Blind Curves

Blind Curves

A Woman, A Motorcycle, and A Journey to Reinvent Herself

Book - 2014
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After months of following one-size-fits-all advice for a fifty-seven-year-old widow, Linda Crill is still miserable, until she makes a rebellious, spur-of-the-moment decision : she trades her corporate suits for motorcycle leathers and commits herself to a 2,500-mile road trip down America's Pacific Northwest coast on a Harley. The problem is that she doesn't know how to ride and has only thirty days to learn. Four short weeks later, Linda joins two men and a woman for a white-knuckle, exhilarating road trip along the West Coast from Vancouver, Canada, to the wine country of Mendocino, California. Along the way she encounters washed-out mountain roads, small-town hospitality, humming redwoods, and acceptance from gentle souls who happen to have tattoos and piercings. By heading into the unknown - the blind curve - she faces her fears, tests old beliefs, and discovers not only a broader horizon of possibilities to use in building the next phase of her life but also the fuel to make it happen. Funny, irreverent, and extraordinarily honest, it is the perfect read for people looking forward to re-inventing themselves and anyone asking, "Why not?" -- inside front cover.
Publisher: New York : Skyhorse Publishing, [2014]
Copyright Date: ©2014
ISBN: 9781629145709
162914570X
Branch Call Number: 796.7092 CRILL
Characteristics: 239 pages ; 24 cm

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SephiPiderWitch
Apr 23, 2017

I really wanted to like this book more than I did. I was looking for awakenings, insights, and interesting stories on the journey. However, the author was fixated through the entire book on her motorcycle, learning to ride it, maneuver it, etc. And though I can understand how that needed to be a part of the book, she rarely deviated from it. She made the entire Pacific Northwest route where she gave only a couple of pages to the surroundings. Overall, I found the book tedious lacking in atmosphere and engaging storytelling. The author is used to giving talks and speeches before crowds for work she does. And maybe that is where the problem is. She writes like someone standing before a crowd trying to do an infomercial. I actually found myself skimming through areas of the book so that I could reach the end, hoping that she would something of real interest. Ah well, maybe the next book.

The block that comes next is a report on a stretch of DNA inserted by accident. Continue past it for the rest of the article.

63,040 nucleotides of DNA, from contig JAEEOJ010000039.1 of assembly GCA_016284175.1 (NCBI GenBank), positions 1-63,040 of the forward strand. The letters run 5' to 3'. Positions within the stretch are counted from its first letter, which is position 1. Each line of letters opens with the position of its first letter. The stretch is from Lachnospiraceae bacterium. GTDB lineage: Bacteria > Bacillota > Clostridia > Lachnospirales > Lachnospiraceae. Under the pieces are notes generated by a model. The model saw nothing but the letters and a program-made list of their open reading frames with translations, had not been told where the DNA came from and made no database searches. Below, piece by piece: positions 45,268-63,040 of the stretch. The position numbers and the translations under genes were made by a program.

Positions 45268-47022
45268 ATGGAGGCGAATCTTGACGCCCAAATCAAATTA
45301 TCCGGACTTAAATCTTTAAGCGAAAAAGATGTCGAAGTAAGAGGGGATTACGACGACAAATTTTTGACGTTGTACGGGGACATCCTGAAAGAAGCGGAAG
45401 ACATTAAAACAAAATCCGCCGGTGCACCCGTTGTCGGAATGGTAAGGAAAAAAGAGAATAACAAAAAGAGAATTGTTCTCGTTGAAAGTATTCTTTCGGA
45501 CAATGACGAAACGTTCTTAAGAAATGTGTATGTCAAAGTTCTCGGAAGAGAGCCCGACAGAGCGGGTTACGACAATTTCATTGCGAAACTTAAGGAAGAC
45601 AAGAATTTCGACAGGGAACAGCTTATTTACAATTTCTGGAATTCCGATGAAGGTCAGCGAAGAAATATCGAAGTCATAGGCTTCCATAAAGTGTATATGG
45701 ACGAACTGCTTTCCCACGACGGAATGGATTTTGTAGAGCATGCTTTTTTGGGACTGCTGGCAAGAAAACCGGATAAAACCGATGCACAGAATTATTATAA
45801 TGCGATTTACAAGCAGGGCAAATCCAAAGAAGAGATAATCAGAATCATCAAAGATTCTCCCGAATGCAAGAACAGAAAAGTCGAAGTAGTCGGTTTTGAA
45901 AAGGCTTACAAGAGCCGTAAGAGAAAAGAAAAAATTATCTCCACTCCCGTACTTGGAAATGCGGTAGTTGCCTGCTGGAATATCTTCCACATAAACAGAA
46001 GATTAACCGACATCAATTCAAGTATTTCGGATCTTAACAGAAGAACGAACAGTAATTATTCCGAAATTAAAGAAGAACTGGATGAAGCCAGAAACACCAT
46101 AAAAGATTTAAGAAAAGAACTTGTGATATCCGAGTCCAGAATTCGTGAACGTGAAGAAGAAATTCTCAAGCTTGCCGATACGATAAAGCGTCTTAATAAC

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Marv
Jan 14, 2015

While this is somewhat instructive of what a beginning motorcycle will experience, the author is geographically challenged and did not bother to learn where she was while on the Island off the west coast of Canada. She refers to Victoria Island so many times it destroys her credibility as a writer. There is a new age kind of quality to the writing about her personal journey and it makes the message sound hackneyed and trite.

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